In 1884, when the Lower East Side in New York was one of the most densely populated places in the world, The New York Times published a story entitled ‘Slumming in this Town’ describing how a fashionable London trend – ‘slumming’ – had reached the New World. Ladies and gentlemen could now entertain themselves by sightseeing on the streets of the Bowery where immigrants were crammed into apartment buildings and rowhouses (terraced houses), and where refuse was stacked nearly a metre high in the gutter. Unlike the concern for impoverished residents shown by Progressive Era reformers in the 1890s who visited the same neighbourhood with a sense of opprobrium and pity, these ‘slumming’ uptown gentry were fascinated by streets teeming with life. They were tired of flânerie in the staid precincts of lower Fifth Avenue, and sought out a more vibrant street scene, which was provided by the mix of tenements and pushcart hawkers selling schmattas (rags), potatoes, herring and everything in between. For gentry of the late 1800s, density may have been associated with urban deviance but it was also interesting to look at.
Throughout the early 20th century, density was bemoaned as a necessary agglomeration of people and resources that allowed for metropolises to function but was also a primary factor in widespread ill health, crime and social ‘deviance’. Being packed into neighbourhoods cheek by jowl did not create new kinds of allegiances and affinities at first. Rather, as the Chicago School urban sociologist Louis Wirth put it: ‘The close living together and working together of individuals who have no sentimental and emotional ties foster[ed] a spirit of competition, aggrandisement, and mutual exploitation.’ In order to preserve a modicum of privacy, these ‘individuals’ – thrust together and striving to get by – often decided to look away from each other. They concentrated on their own advancement rather than on finding solidarity with those different from them. But Wirth’s suggestion that a sense of urban ennui went hand in hand with ‘mutual exploitation’ wasn’t entirely accurate: among the despair and despondency at the time were campaigns for more responsible landlords, worker safety and higher wages.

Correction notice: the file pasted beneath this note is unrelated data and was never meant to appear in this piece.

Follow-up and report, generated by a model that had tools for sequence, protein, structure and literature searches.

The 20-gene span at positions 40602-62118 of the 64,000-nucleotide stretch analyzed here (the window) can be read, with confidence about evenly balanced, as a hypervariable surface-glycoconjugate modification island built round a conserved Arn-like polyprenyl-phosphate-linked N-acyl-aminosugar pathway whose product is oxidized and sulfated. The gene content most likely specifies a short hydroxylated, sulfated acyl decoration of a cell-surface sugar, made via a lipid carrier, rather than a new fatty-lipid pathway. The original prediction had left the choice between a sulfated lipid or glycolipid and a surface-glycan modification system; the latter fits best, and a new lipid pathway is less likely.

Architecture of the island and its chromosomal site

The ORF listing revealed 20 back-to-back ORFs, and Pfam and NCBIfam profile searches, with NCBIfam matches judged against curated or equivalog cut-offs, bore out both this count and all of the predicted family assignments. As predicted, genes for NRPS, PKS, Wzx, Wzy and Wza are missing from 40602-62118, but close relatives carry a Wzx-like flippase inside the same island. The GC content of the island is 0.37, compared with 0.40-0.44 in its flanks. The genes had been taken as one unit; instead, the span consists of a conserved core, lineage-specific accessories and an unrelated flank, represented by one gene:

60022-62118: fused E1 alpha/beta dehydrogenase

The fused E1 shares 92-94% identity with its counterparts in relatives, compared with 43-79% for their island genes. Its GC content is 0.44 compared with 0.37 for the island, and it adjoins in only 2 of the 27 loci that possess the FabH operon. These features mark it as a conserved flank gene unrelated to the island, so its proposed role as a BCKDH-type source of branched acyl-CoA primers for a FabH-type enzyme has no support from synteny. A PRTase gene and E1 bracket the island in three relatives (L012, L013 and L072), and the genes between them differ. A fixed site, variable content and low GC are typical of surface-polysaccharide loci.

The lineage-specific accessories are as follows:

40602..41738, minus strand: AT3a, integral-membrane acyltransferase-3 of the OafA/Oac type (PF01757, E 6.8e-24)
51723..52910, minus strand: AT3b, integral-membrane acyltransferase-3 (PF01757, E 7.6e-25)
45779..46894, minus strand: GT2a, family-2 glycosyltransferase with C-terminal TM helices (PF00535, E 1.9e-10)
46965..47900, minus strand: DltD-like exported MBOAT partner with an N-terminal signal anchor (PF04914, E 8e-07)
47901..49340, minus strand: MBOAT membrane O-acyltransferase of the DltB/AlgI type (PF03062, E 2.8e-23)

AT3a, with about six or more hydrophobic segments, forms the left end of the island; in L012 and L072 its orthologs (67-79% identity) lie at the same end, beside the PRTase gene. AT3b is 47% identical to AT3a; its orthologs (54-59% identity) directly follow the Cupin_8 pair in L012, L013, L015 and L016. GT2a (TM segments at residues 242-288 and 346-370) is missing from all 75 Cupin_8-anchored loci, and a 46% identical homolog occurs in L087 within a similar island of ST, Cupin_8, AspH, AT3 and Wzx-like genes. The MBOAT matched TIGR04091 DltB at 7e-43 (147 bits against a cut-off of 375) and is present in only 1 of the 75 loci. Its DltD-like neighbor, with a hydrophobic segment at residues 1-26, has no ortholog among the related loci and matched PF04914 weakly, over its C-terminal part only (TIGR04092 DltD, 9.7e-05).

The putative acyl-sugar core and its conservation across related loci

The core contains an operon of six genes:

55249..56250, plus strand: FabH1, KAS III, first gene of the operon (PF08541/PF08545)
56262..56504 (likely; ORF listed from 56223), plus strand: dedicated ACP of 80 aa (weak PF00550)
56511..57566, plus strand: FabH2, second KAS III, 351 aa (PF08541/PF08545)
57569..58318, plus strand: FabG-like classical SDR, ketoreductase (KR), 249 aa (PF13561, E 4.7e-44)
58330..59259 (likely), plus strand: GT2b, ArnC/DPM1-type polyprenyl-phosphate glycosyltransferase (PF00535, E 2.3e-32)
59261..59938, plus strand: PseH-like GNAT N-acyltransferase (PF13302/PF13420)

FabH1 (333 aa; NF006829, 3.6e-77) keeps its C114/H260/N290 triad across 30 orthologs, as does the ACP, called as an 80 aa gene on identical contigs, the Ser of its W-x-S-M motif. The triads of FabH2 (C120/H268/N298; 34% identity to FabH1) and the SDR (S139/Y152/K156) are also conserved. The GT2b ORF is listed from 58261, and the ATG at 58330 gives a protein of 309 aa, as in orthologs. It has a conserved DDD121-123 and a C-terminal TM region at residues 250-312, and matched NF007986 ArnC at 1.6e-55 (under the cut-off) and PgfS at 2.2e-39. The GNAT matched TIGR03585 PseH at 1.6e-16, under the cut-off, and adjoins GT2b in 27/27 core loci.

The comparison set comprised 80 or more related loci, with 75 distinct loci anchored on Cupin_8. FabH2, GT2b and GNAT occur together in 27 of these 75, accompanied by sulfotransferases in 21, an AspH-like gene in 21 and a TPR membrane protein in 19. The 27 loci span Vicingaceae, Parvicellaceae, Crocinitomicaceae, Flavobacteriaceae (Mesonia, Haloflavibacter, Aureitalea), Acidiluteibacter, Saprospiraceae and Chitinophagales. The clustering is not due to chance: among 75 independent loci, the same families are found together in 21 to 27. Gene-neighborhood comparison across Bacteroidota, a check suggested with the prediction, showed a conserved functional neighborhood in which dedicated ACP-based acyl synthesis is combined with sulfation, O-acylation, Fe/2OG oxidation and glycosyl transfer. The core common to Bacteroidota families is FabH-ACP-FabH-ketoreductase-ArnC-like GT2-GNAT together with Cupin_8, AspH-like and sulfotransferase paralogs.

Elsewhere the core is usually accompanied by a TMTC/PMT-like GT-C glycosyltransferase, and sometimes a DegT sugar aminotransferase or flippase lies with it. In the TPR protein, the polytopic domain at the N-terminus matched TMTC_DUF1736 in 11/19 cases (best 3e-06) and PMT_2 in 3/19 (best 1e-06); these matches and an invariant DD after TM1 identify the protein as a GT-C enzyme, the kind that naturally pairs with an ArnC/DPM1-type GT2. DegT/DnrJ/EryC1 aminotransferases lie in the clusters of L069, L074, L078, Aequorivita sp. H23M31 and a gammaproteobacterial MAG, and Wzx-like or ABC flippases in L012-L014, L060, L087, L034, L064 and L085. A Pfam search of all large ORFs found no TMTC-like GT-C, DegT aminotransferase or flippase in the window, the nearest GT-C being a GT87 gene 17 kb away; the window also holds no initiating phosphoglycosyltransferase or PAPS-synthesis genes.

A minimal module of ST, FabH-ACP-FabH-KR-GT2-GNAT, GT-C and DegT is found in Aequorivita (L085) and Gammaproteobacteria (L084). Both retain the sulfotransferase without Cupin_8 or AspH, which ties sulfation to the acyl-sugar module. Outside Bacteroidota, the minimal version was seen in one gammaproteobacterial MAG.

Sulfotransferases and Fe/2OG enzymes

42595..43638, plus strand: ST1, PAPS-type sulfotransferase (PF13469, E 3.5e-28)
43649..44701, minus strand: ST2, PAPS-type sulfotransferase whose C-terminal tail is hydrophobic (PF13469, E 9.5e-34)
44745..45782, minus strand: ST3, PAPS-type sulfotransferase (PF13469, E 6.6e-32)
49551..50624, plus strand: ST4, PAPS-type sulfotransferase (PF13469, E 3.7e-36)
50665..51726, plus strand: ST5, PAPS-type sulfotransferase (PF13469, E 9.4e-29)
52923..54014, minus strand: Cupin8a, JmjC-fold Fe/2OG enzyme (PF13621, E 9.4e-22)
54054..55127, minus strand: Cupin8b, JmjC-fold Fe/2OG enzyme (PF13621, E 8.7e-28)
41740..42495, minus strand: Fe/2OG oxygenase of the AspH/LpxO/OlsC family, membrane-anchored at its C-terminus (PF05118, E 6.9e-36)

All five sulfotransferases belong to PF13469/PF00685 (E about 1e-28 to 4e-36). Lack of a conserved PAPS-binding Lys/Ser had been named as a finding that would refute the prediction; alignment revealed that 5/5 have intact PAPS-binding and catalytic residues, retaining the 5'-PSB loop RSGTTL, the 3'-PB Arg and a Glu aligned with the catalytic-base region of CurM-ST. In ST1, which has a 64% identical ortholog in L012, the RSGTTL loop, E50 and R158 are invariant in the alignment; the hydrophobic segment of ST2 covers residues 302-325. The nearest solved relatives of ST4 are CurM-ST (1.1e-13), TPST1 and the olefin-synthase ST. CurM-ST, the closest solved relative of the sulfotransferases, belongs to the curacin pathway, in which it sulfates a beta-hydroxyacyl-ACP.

Density didn’t always equal competition. Anti-density thinking during the 20th century also undersold the success of highly populated immigrant-filled neighbourhoods in the prewar US. In Chicago, New York and Boston, wards made up almost entirely of migrants may have been slums, but they offered exceptional mobility through education and work opportunities (only, it should be noted, if you were European). Eventually, density and the mixing of urban cultures produced interethnic and mixed-race marriages, civic cooperation in government and nonprofits, labour mobilisation, and even the fusion restaurants of today’s Lower East Side in New York where tourists no longer go to gawk at poverty but to eat kosher pickles, gelato and xiao long bao (sometimes all in the same afternoon).
Though sometimes romanticised, street life was mostly maligned as a primitive state of being
After the Second World War, US urban sociologists and city planners began to drift away from community studies that used concentrated ethnographic portraits of a single neighbourhood. Instead, they focused on outward growth and polycentrism as expressions of the future. US cities are, after all, a physical manifestation of capitalism dependent on growth, as the political economist Joseph Schumpeter maintained: without expansion or inward renewal, the system atrophies. New theories of urbanisation that emphasised regions, connectivity and limitless growth would come to define the US urban experience and, in doing so, would cast density as antiquated, dangerous and unseemly.
In the popular imagination of the postwar US, concentrated street life was associated with the past. Though sometimes romanticised in movies about bootstrapping immigrants, it was mostly maligned as a primitive state of being. Not only were urban spaces degraded as dangerous and dirty, but many saw their intimate sense of community and public street life – on stoops, rooftops and stairwells – as a forced closeness that disguised inner discomfort. By midcentury, with the rapid growth of suburbs, most Americans would agree with the German theorist Georg Simmel who, writing in 1903, explained that, in cities: